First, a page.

Futures of Legal Governance in Globalization: The Case of Family Life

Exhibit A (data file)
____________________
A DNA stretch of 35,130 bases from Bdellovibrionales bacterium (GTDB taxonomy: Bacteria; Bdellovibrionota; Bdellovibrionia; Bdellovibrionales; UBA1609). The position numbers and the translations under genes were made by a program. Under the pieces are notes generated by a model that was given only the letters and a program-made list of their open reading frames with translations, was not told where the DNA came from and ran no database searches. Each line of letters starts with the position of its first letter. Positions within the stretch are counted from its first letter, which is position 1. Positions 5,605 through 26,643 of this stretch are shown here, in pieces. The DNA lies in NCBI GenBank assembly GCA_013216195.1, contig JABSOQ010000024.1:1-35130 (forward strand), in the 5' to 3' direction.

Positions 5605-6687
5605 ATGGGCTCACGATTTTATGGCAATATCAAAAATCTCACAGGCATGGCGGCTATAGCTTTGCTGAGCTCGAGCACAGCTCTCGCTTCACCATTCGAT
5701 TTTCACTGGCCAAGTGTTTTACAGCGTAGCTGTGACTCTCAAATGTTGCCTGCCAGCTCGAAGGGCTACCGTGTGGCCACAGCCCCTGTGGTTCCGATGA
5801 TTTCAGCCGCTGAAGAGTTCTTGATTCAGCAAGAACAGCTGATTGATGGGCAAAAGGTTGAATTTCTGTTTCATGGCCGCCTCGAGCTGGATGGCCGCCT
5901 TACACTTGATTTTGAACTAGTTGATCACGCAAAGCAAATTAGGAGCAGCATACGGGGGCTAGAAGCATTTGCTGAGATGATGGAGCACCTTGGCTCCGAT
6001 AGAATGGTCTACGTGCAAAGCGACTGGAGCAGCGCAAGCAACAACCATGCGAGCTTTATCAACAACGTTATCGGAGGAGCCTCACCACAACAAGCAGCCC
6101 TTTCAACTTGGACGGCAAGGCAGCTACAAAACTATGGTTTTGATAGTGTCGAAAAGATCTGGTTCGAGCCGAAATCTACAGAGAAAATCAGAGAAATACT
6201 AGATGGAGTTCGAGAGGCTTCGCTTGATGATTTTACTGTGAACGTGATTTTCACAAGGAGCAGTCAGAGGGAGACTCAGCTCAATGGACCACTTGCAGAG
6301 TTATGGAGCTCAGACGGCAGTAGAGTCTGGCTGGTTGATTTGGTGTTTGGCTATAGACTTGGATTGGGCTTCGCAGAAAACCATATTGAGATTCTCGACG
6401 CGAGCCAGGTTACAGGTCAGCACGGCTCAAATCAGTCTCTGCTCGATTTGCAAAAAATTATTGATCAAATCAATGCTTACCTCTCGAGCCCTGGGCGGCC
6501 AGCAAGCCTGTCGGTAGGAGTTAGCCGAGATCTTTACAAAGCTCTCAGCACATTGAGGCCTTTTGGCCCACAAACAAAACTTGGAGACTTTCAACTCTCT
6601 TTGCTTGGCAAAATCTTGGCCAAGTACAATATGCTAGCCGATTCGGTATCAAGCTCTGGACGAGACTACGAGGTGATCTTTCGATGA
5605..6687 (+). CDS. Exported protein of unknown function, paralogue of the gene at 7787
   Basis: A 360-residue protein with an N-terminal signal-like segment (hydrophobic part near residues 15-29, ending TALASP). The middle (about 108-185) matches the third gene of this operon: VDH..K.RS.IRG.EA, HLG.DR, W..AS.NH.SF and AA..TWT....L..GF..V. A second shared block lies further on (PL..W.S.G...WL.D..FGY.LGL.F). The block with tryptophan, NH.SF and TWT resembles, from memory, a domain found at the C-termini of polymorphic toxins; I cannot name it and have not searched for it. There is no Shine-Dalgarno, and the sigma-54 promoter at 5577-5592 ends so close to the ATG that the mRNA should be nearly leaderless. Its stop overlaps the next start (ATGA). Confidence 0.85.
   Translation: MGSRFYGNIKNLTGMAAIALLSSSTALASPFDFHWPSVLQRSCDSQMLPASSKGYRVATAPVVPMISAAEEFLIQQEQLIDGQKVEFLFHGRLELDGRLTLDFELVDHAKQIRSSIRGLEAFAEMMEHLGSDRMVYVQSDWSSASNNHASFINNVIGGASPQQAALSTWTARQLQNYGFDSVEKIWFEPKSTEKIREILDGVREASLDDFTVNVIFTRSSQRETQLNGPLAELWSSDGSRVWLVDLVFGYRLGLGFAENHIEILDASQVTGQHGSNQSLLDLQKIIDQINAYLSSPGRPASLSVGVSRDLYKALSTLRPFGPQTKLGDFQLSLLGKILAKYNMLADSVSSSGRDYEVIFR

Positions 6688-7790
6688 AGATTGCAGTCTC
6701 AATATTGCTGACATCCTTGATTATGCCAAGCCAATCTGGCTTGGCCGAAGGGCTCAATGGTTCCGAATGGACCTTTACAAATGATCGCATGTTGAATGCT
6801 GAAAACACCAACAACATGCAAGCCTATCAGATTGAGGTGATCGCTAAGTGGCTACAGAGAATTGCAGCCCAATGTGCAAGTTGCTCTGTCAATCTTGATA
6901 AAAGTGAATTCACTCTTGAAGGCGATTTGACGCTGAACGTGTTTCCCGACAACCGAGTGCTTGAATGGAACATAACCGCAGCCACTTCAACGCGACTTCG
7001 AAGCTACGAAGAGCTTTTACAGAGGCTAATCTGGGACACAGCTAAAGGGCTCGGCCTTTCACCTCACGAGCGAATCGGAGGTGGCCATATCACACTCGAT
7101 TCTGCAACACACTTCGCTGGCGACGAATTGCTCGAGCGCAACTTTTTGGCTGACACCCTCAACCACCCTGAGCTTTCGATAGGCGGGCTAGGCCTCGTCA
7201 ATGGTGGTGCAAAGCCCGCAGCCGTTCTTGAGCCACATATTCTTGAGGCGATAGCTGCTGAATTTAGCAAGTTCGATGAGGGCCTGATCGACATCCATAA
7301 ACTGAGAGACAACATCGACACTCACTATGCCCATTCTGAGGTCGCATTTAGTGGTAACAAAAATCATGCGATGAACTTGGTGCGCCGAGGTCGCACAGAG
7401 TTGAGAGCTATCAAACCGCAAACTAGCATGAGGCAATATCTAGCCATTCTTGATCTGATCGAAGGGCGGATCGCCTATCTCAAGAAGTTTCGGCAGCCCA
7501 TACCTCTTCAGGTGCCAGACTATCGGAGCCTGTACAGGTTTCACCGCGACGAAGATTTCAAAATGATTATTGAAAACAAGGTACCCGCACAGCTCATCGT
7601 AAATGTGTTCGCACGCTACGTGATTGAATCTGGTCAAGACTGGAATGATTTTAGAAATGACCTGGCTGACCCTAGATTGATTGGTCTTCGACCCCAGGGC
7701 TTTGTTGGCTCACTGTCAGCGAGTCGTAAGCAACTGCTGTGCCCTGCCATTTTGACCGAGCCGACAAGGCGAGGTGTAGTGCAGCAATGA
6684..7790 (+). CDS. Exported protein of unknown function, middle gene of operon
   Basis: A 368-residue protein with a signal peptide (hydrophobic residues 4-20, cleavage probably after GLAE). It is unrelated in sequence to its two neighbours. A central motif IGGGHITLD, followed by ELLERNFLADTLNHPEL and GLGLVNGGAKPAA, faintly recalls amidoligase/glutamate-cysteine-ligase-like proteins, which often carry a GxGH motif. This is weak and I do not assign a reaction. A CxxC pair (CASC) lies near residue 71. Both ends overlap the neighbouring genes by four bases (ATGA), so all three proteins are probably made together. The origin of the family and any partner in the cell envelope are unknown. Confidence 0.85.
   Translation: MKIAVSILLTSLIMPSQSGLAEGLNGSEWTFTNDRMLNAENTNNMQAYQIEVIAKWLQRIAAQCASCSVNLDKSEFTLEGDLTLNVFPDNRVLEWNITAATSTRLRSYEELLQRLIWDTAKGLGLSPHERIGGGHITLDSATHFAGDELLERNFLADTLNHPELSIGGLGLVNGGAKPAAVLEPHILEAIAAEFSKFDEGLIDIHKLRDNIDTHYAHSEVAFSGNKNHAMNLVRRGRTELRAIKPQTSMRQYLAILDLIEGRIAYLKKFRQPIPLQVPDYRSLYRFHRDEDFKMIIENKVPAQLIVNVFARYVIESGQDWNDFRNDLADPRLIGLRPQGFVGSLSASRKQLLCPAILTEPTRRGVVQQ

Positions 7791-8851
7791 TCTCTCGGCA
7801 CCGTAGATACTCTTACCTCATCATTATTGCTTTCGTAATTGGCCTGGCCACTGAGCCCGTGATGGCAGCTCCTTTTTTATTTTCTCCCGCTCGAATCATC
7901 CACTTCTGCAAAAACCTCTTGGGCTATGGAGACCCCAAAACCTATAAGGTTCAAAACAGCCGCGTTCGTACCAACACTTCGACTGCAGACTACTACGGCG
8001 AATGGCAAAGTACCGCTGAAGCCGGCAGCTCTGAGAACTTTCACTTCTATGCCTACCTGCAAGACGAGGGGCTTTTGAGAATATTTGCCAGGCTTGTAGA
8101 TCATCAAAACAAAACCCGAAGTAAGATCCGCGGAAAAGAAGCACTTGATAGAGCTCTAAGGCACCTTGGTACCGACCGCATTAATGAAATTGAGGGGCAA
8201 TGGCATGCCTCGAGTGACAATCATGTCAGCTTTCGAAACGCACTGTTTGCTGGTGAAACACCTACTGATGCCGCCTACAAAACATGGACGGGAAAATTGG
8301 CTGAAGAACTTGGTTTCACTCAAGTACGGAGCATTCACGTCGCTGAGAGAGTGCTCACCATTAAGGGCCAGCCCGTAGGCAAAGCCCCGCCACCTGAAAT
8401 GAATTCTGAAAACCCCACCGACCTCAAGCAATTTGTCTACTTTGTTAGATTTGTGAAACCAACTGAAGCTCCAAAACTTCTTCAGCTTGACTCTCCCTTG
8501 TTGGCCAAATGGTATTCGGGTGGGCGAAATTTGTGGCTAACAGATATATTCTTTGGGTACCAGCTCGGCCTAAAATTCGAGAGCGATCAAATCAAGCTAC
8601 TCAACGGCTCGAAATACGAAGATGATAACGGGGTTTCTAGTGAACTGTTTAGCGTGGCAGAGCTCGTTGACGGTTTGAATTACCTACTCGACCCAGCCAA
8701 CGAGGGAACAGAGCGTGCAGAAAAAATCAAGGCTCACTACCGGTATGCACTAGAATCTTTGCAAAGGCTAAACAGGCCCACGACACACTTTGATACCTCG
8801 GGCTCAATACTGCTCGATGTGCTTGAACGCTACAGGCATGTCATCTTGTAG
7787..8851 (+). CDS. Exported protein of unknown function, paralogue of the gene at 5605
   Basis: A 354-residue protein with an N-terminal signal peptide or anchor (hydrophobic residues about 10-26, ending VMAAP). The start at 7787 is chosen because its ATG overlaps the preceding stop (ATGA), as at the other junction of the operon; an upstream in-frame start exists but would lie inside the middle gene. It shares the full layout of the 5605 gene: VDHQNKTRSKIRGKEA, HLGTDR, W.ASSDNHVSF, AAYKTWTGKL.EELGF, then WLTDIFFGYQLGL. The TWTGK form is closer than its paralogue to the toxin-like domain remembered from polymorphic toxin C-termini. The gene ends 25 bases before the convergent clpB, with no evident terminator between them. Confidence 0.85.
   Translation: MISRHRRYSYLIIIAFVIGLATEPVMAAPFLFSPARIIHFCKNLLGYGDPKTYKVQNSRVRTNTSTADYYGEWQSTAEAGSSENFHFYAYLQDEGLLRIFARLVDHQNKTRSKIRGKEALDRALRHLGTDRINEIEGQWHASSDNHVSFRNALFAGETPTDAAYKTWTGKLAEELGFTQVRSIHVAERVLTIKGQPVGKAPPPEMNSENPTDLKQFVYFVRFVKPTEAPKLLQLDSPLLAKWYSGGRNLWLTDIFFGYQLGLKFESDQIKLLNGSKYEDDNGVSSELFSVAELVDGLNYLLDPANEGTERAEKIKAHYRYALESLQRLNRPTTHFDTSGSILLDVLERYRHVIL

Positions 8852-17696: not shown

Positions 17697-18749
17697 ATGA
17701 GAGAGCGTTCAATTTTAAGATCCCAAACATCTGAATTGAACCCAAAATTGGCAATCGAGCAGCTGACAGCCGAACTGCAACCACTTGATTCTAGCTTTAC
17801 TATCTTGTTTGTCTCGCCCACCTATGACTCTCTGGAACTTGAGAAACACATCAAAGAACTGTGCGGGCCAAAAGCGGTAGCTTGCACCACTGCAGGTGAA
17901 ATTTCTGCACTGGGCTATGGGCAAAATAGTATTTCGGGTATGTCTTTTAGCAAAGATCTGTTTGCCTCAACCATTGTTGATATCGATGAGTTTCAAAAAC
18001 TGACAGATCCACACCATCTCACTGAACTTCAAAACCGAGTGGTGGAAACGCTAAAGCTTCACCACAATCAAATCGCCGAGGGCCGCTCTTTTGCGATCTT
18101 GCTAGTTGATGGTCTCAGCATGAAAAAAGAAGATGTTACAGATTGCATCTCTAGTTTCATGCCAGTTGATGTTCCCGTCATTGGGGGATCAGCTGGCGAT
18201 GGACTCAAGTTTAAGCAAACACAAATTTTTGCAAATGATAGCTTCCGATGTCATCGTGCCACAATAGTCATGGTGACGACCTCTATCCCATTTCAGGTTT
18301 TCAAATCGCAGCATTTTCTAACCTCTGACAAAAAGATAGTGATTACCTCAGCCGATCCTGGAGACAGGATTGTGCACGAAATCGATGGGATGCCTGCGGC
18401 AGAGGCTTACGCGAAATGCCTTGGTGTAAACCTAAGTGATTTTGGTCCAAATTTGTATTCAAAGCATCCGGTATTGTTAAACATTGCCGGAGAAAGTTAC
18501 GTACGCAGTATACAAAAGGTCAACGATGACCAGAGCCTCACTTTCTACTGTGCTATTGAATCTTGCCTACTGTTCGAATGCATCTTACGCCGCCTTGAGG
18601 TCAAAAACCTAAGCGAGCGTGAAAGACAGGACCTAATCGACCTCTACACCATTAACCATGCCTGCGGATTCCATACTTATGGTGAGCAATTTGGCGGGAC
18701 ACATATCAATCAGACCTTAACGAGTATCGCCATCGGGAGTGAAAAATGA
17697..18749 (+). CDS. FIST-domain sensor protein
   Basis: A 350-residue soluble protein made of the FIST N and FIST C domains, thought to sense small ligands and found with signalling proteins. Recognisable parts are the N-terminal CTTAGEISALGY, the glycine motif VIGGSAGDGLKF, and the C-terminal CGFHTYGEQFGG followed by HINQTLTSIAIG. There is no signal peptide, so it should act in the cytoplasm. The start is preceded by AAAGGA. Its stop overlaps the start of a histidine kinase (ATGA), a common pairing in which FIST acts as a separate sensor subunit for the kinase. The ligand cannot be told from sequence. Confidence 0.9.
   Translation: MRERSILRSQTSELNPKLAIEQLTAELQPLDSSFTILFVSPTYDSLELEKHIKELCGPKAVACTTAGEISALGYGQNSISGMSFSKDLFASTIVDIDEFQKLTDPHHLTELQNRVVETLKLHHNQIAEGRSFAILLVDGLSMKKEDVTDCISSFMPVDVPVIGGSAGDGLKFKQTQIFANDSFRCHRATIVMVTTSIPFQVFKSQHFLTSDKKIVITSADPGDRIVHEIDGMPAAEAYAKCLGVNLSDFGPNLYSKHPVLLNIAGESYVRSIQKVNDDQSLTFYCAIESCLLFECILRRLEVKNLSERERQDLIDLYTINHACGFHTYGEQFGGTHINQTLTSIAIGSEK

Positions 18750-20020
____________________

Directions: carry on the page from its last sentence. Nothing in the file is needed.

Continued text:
Scientific “truths” are active agents in producing public moralities and help carve out new technologies of governance. While there has been ample research in forensic science and criminology on how science affects legalities, there are only few studies on its ramifications in the field of reproductive legal governance. By analysing responses from immigration lawyers as well as family law lawyers on cases respectively involving family reunion and transnational surrogacy, my paper explores the relation between legitimacy and legal practice. I argue that the global regulation of family life depends more and more on the legitimacy of biology. Moreover, as I will demonstrate, the normalization of such a “biolegitimacy” in jurisprudence produces not only multiple legalities of family life but also the formation of genetic citizenship.